Debt to GDP ratio remains elevated

Post was last updated: August 22, 2019

Malawi’s debt to Gross Domestic Product (GDP) ratio has more than doubled since 2011, seen at slightly higher than 60 percent in the last financial year.

Investment management and advisory firm, Nico Asset Managers, says in its July Monthly Economic Report that the government thus faces increasing exposure to high domestic debt.

In the report, the firm echoes concerns raised by the International Monetary Fund (IMF) that the situation is raising fears over the country’s financial position.

In the seven-year period to 2018, Malawi’s debt to GDP ratio has more than doubled to 62.5 percent of GDP from 28.9 percent in 2012.

Accumulation of public debt stems largely from fiscal deficits as the government has frequently spent over the budget in recent years.

“This presents a significant risk, as the deficit is expected to be largely financed by high-cost domestic borrowing,” Nico Asset Managers says in its report issued last week.

It says, while the stock of domestic debt is lower than external debt, the interest burden is substantially greater.

As at December 2018, external debt stood at $2.1 billion (about K1.6 trillion) with debt from multilateral creditors accounting for 80.3 percent of the total debt stock while the remaining share constituted debt from bilateral creditors.

Domestic debt, on the other hand, stood at $2.2 billion (about K1.7 trillion), with Treasury notes and Treasury bills dominating the domestic debt portfolio at 60.1 percent and 32.8 percent, respectively.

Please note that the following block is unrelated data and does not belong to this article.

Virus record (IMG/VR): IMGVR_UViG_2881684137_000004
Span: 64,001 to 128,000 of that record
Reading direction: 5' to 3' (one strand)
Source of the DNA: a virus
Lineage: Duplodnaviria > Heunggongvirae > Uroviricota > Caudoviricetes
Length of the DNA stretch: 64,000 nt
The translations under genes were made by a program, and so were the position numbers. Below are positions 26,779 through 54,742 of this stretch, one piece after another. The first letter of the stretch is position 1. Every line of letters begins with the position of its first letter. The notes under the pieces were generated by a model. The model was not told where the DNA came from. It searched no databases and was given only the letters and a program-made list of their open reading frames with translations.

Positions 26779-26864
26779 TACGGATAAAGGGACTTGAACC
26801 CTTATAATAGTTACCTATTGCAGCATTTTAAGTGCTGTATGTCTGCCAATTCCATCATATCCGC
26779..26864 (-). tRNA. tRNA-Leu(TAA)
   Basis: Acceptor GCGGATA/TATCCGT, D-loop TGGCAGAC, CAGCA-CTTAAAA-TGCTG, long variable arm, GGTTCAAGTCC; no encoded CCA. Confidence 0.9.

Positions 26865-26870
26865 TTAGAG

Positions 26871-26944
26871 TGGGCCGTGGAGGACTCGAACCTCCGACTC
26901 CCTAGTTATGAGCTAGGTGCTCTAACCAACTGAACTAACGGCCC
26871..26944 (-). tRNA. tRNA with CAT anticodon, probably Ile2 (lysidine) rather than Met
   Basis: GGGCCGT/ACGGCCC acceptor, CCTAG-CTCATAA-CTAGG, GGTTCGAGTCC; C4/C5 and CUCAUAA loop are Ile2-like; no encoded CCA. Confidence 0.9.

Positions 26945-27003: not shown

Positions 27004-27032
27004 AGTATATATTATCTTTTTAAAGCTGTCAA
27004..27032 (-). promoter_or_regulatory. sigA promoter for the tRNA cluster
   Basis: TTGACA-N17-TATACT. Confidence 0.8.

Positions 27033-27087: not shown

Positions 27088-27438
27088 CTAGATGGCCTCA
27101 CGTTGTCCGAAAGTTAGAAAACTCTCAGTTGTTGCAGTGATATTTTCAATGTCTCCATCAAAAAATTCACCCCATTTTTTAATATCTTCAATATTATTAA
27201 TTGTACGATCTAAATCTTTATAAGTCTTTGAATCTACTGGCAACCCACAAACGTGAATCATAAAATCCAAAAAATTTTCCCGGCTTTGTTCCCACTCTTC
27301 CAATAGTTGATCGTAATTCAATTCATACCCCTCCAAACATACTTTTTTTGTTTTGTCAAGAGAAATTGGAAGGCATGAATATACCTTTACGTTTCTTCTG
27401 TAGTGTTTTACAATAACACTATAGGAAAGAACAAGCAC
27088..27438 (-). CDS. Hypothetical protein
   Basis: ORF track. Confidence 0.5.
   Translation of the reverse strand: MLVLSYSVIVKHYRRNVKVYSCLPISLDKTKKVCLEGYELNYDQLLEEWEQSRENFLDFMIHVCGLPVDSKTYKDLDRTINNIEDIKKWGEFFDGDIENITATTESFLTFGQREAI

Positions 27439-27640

Nico Asset Managers says, since the 2013/14 financial year, the government has been making high interest payments on domestic debt, reaching 20 percent of its revenue.

In the last financial year, the government’s borrowing gradually transitioned, with a shift away from the Reserve Bank of Malawi and towards commercial banks and non-banks.

“With the fiscal deficit expected to widen, this will increase domestic public debt, undermining fiscal sustainability. Considering the elevated levels of domestic debt, Malawi needs to reduce fiscal deficits to support fiscal and debt sustainability, particularly during years of relative macroeconomic stability,” says Nico Asset Managers in its report.

Recently, the World Bank said, to address this, the government needs to strengthen fiscal discipline to spend within budget while also budgeting for reduced primary deficits over the medium term.

It said the treasury should also strengthen its public financial management systems, possibly enabling it to regain donor confidence, complemented by growth enhancing expenditures, strengthening expenditure controls and improving domestic revenue mobilisation.

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